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Religious Education Programs Resume

09-13-2021NewsFr. James Aboyi, V.C.

We welcome back from the summer break the children and catechists into our Religious Education Program. Session begins this Sunday for the EPIC teens, and during the week for the elementary and middle school youth.  I thank our dedicated Catechists and Core Leaders who volunteer their time each week to serve our parish. I assure you of my prayers and support in your ministry.

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Who do You Say that I Am?

09-12-2021Weekly ReflectionFr. Manasseh Iorchir, VC

Towards the end of His mission on earth, Jesus saw the need to begin speaking “openly” or “plainly” to His disciples and no longer with the use of parables and metaphors. To be able to do this well, the Divine Redeemer decided to assess His apostle’s’ understanding of his person and mission. He asked them two questions. The first was: “Who do people say I am?” The apostles gave various answers. Some told Him that people thought He was John the Baptist, others Elijah, still others one of the prophets. Having gathered public opinion about Himself, Jesus asked the apostles, “But who do you say I am?” This time, only Simon Peter replied. Mark reports in today’s gospel that Peter answered, “You are the Christ.”

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Welcome to Our New Parishioners

09-07-2021NewsFr. James Aboyi, V.C.

This past weekend, we held a special welcoming event to meet and greet our new parishioners, especially those who joined the parish during the pandemic when we suspended our monthly event. I welcome and thank our new parishioners for choosing to join our lovely St. Benedict parish community. I invited everyone to join us in welcoming our new friends after the 9am and 11 am Masses at the main entrance of the Church. I thank Eamonn and Karen Ahearne, the Pastoral Council, members of the Event Ministry and all those who helped to plan the event.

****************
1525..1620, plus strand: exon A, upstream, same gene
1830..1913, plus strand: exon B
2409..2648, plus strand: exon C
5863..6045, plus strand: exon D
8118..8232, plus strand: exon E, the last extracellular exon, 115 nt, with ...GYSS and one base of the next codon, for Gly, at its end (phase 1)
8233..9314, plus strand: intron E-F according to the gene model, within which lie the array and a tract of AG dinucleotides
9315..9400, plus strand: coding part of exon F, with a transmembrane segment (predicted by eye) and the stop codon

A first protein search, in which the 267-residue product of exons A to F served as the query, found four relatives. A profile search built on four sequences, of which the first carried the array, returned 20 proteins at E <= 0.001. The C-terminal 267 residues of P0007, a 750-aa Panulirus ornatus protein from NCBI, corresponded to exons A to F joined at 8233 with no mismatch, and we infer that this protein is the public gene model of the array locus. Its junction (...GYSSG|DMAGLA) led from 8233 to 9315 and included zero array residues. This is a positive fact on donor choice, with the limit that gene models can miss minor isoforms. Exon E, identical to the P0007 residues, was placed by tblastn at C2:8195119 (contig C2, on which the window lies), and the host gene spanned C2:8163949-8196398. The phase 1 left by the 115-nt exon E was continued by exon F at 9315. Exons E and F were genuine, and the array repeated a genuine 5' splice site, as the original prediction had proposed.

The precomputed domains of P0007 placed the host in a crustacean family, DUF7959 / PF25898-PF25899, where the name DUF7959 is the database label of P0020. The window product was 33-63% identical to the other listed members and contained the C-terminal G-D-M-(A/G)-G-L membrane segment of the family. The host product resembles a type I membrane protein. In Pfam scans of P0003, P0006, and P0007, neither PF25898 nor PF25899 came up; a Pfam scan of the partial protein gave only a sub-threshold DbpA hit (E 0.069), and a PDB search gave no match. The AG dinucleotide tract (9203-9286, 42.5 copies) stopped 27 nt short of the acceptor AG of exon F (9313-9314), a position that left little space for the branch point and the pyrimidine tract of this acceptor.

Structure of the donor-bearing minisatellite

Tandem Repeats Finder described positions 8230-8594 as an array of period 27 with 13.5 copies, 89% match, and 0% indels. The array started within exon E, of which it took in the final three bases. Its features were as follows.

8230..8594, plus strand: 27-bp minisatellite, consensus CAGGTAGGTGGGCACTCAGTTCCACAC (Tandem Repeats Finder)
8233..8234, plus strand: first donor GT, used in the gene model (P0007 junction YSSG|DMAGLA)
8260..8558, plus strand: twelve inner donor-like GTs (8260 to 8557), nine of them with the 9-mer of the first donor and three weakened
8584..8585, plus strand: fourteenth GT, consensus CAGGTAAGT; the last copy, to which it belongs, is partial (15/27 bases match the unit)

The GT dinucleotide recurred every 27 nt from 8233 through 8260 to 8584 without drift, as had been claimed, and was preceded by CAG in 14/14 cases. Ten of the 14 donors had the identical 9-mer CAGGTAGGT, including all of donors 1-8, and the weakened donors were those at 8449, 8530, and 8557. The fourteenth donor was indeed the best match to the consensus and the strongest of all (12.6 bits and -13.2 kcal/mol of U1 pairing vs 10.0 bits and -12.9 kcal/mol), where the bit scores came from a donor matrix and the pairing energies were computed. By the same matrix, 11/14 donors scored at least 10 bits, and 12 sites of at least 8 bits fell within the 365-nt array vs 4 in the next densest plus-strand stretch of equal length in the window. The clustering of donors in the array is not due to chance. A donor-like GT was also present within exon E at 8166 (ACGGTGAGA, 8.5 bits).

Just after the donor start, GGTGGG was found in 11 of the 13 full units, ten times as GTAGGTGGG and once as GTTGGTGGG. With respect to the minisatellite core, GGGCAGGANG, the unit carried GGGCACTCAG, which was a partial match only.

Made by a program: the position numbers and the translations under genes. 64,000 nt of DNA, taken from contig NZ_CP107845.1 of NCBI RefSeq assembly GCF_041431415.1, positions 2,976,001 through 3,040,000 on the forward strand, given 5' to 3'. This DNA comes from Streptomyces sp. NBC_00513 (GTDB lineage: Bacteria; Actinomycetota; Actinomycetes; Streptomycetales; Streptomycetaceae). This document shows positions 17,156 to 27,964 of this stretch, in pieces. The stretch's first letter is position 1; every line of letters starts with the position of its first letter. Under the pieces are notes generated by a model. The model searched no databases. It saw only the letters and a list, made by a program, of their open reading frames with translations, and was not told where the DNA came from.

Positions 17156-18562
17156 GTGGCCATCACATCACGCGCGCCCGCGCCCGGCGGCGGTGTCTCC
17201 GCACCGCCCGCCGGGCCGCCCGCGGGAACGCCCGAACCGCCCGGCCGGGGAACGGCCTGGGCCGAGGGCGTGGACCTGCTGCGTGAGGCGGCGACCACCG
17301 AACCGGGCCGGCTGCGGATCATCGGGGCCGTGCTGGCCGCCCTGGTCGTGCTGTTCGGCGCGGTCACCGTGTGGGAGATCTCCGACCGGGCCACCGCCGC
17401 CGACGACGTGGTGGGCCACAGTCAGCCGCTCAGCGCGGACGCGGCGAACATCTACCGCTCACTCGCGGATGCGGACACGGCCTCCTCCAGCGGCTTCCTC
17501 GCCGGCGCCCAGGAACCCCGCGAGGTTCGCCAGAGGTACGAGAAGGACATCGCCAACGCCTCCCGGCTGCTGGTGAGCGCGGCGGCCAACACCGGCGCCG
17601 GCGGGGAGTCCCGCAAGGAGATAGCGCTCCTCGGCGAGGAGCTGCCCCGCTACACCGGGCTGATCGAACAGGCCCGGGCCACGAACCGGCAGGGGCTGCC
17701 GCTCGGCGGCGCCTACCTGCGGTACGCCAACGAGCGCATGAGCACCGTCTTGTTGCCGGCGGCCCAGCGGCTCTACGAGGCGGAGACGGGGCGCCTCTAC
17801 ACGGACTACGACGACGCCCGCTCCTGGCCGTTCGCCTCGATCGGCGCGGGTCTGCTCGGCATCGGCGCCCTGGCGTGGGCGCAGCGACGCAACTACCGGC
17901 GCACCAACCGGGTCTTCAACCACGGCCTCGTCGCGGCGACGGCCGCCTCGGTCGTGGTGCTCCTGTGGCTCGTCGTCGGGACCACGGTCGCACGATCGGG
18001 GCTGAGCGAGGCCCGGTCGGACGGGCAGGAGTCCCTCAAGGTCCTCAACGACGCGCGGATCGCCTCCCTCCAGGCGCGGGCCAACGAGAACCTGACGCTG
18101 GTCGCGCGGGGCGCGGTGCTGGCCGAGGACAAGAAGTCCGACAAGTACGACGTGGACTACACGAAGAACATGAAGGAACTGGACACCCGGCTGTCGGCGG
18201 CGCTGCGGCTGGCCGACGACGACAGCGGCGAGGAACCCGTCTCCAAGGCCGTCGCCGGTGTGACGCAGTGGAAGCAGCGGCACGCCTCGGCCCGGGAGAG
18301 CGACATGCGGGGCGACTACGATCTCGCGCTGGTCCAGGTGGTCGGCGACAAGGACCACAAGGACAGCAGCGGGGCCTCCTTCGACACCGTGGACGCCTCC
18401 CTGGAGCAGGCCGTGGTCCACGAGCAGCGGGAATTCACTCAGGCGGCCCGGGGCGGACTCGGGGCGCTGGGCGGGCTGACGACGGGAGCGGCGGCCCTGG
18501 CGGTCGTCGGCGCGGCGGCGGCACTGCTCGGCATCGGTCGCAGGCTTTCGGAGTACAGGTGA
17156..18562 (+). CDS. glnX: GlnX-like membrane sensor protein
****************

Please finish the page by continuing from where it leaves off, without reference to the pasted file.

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"Ephphata" (Be Opened!)

09-05-2021Weekly ReflectionFr. Manasseh Iorchir, VC

In today’s first reading, the prophet Isaiah preaches a message of hope to a despairing Israel facing a period of national misfortune. Israel, in Isaiah’s time, was being tossed from Assyrian domination to Babylonian captivity and exile. There were also various physical limitations and gross lack that made life quite difficult. The temptation to give up was palpable. It was at this time that the prophet Isaiah preached the imminent arrival of God who would redeem, rehabilitate and restore Israel to her pre-exile enviable state. The despairing exiles are urged to be strong and to fear not, for God is here to open the eyes of the blind, open the ears of the deaf, vindicate and save Israel. This prophecy speaks to the present situation of many in our world. There are too many people suffering with physical and spiritual privations. Despair for such brethren can seem a veritable option, but God is not just on the way; He is here to save and restore us if we let Him.